The NJIT Newark College of Engineering (NCE) will hold its 15th annual Salute to Engineering Excellence on April 16, 2013 in the NJIT Campus Center Atrium. The event will celebrate the 94th anniversary of NCE, NJIT’s flagship institution. Honorees, who hail mostly from New Jersey, will include nine students, seven faculty and staff and two alumni with notable careers in technology and engineering. The U.S. Army Armament Research, Development and Engineering Center (ARDEC), Dover, will receive the Outstanding Industry Partnership Award. For more information about attending the event, contact Angela Vega-Irvin at 973-596-3223.Patrick J. Natale of Flemington, executive director of The American Society of Civil Engineers (ASCE), will receive an outstanding alumnus award. Natale received his bachelor’s degree (1970) in civil engineering and master’s degree (1985) in engineering management. ASCE is the nation’s oldest national professional engineering society and represents 140,000 civil engineers. Natalie directs a staff of 250 employees and 6,000 volunteers. ASCE develops codes and standards; publishes journals, magazines and books; runs continuing education classes and lobbies the federal government on how to maintain the nation’s infrastructure. Every four years, the society also publishes its Report Card for America’s Infrastructure.
“Civil engineers design the buildings and bridges, the roads and reservoirs, the tunnels and airports as well as the water and sewer systems without which our economy could not function,” he said. “The public only notices infrastructure when it fails.”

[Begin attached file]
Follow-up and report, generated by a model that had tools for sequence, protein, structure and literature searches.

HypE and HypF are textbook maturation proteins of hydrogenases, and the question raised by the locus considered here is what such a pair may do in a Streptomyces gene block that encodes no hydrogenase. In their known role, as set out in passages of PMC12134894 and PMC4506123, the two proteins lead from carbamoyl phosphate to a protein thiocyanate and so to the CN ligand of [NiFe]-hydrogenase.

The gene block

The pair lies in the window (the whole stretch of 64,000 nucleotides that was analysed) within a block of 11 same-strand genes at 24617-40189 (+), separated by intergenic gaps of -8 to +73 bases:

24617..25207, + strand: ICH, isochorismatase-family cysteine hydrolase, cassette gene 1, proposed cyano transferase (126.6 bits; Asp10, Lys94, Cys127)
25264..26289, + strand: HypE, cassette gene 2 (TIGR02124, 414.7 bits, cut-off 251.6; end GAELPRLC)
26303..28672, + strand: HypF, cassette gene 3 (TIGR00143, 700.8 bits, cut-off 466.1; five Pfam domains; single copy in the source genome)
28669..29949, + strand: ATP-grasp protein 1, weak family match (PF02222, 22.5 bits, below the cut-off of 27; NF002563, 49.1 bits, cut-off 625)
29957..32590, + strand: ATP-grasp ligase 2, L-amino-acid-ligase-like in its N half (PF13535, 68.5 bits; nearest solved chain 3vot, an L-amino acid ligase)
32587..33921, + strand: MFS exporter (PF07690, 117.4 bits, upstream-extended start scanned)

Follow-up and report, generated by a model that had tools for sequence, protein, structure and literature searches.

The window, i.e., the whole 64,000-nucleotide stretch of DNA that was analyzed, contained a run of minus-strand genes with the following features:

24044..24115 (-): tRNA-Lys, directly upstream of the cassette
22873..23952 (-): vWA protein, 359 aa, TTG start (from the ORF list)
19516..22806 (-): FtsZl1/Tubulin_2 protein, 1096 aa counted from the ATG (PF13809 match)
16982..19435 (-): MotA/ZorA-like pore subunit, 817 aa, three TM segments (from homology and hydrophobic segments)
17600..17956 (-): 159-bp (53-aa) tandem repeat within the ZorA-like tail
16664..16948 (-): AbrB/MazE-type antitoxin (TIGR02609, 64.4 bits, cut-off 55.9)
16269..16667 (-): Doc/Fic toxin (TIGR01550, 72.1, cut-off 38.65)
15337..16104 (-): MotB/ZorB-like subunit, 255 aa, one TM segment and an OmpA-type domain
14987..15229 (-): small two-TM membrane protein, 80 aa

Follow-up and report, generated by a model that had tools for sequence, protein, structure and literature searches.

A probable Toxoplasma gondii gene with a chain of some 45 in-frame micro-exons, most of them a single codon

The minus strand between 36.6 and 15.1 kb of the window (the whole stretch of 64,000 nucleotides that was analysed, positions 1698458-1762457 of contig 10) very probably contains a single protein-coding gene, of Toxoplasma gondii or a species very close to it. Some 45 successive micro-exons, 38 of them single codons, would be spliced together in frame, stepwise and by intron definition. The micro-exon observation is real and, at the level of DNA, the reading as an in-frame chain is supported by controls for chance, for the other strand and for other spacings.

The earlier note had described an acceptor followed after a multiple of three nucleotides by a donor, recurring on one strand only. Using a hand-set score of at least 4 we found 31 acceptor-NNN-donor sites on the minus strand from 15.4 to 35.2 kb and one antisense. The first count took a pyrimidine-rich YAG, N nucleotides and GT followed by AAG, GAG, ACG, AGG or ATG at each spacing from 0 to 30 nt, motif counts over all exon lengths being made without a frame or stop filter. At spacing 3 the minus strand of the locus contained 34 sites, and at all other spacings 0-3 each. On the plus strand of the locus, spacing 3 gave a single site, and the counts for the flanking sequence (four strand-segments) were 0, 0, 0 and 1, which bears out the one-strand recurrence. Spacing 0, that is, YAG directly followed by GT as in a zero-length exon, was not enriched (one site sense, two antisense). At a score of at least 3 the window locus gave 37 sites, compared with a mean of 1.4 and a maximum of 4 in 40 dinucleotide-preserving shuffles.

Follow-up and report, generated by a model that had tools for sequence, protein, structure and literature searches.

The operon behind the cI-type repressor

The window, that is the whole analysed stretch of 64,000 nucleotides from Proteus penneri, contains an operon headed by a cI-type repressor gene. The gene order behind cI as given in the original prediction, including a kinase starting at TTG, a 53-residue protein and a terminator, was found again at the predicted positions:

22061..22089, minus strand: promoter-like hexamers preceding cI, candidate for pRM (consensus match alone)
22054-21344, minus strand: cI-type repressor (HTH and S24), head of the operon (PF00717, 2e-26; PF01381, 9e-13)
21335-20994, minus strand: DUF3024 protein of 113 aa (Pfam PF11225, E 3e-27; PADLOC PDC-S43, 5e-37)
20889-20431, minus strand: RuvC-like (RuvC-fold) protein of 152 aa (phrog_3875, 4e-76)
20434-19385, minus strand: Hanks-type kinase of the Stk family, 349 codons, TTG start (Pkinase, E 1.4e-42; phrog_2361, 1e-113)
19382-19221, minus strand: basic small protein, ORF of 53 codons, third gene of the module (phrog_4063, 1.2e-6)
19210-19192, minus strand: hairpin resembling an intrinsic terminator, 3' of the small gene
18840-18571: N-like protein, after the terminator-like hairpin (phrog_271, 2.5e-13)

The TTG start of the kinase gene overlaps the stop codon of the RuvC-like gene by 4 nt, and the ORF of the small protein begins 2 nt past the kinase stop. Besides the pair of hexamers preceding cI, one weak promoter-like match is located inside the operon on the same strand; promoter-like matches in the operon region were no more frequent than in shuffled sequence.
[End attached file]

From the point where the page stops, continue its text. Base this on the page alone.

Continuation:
Natale explains to the public, and to Washington, the importance of investing in infrastructure. It’s also his role to explain that civil engineers possess the technical and design skills to watch over the infrastructure. Maintaining the nation’s infrastructure is somewhat like maintaining the roof on your house, explained Natale. Until the roof leaks, you don’t notice it. But if your roof springs a leak and you ignore it, the roof goes and your house is hurt. “Civil engineers can tell us when our infrastructure needs attention,” he said. “They are the stewards of our environment.”
Before joining ASCE, Natale was executive director of the National Society of Professional Engineers (NSPE). Before that, he was an engineer and manager at the Public Service Electric and Gas Company (PSE&G) of NJ. During his 28-year career there, he managed sales, marketing, strategic planning and customer service. He also led PSE&G’s effort to develop the systems required for deregulating New Jersey’s energy market.